Possums should be treated as 'resource' - Ngāi Tahu Conservation Board Member

By Contributor

Possums should be treated as a 'resource' a member of the West Coast Conservation Board says. Photo / CC BY 2.0 G= / Flickr

By Brendon McMahon, Local Democracy Reporter

Opossums should be treated as a "resource" with a financial incentive to entice hunters to help contain numbers of the pest, a South Westland member of the West Coast Conservation Board says.

Ngāi Tahu board member Rob Wilson proposed considering the usefulness of opossums for the local economy during a conservation board meeting in Karamea, where the Department of Conservation's national predator management programme was being discussed.

Board chairman Mike Legge of Charleston noted the effectiveness of aerial 1080 poison in the management of opossums.

"It is the most effective poison - animals die quickly. In the last two to three years I haven't seen one opossum roadkill," Legge said.

Wilson, who is also a Hari Hari dairy farmer, said it was a shame culled opossums were going to waste.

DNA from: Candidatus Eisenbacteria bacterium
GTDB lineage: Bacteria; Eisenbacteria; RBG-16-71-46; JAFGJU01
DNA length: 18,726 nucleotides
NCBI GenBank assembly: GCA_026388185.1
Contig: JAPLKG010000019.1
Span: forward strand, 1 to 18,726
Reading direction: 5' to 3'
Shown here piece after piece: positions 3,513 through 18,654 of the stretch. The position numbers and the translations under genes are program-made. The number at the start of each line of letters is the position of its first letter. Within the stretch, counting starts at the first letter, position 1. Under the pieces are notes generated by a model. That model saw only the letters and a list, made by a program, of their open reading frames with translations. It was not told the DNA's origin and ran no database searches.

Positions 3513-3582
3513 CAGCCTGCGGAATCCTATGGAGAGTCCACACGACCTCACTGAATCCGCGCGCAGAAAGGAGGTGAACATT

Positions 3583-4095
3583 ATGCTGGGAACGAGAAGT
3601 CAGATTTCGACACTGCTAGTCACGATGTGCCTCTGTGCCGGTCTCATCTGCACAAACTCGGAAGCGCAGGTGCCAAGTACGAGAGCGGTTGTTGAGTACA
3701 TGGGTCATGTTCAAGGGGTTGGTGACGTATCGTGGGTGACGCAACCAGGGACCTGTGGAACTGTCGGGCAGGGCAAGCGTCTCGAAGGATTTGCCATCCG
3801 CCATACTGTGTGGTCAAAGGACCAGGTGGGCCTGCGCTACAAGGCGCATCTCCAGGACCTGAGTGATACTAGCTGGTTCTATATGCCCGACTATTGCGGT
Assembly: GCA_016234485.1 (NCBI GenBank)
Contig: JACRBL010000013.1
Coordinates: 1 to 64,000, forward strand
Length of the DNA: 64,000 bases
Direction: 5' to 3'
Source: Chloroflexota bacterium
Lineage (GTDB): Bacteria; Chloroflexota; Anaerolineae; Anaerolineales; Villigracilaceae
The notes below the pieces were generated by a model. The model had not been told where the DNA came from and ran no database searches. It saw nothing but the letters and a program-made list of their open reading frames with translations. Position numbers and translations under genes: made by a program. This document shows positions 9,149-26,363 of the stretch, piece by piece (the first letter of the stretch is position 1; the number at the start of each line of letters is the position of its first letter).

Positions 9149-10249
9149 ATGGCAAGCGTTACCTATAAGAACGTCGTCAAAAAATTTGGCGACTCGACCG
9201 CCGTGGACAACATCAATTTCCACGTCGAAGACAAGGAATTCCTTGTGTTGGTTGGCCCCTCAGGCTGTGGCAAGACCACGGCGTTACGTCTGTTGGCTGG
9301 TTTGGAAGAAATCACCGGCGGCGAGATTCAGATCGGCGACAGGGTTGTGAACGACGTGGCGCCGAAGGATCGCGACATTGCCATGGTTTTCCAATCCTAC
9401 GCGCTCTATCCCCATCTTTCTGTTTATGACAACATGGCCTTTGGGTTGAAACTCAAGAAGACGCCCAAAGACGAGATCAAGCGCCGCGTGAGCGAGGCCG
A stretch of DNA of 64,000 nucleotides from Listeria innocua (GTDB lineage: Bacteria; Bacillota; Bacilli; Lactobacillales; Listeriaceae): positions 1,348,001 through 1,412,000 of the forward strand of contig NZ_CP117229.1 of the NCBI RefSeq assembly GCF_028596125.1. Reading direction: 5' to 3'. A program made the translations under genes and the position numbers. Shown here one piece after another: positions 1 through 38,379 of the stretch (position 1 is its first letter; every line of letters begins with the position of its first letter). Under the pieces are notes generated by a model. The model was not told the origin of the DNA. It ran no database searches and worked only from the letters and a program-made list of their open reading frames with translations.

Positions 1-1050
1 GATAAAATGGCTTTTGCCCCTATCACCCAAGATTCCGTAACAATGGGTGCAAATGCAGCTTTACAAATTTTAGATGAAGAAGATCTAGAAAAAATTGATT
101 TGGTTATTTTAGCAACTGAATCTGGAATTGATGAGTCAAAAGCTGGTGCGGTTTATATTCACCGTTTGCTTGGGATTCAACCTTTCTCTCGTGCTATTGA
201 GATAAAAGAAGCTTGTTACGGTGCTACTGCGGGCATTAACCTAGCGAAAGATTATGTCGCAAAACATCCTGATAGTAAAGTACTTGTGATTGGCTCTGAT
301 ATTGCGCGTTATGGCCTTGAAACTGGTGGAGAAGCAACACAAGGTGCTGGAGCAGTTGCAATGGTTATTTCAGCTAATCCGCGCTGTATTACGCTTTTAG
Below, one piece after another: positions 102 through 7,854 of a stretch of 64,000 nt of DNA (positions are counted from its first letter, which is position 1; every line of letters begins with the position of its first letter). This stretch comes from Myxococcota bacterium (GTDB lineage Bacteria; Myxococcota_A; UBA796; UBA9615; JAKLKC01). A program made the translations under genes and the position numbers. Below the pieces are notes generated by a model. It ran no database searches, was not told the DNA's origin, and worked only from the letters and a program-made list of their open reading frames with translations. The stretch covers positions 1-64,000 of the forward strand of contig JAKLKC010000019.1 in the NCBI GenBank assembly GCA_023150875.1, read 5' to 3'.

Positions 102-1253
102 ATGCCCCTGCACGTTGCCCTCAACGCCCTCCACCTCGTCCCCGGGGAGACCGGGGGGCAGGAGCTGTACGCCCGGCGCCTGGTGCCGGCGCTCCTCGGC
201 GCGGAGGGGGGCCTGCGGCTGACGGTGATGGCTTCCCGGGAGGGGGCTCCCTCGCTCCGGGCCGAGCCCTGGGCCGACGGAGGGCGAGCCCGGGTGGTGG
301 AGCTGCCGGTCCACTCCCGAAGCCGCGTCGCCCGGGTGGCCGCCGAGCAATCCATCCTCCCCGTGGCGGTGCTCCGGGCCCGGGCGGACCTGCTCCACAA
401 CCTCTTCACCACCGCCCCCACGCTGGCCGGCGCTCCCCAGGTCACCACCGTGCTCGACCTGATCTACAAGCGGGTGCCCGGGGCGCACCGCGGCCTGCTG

"When they were under control down our way was when there was a financial incentive (for trapping)," Wilson said.

Before using 1080, commercial operations "which didn't cost the taxpayer," were a way of benefiting the local economy while controlling the spread of possums.

"I see it as a resource. There's a resource that is going to waste that maybe we can utilise," Wilson said.

Recovery of opossum skins and fur has been a long-standing practice on the West Coast, with the 'wool' highly sought after for a variety of uses including blending with other materials to make warm clothing.

DOC Western South Island operations director Mark Davies said control of opossums was "a very complex matter".

"We'd all like to see the commercial industry reinstated."

However, the department also had to balance other competing interests in dealing with pest species, including the farmed venison sector, which did not want to see DOC "subsidise" the commercial recovery of feral deer.

Davies said the current approach to opossum control was eventually to totally eradicate the pest.

"The vision is Predator Free 2050... but we haven't got a silver bullet yet."

Local Democracy Reporting is Public Interest Journalism funded through NZ On Air

Local Democracy Reporting is Public Interest Journalism funded through NZ On Air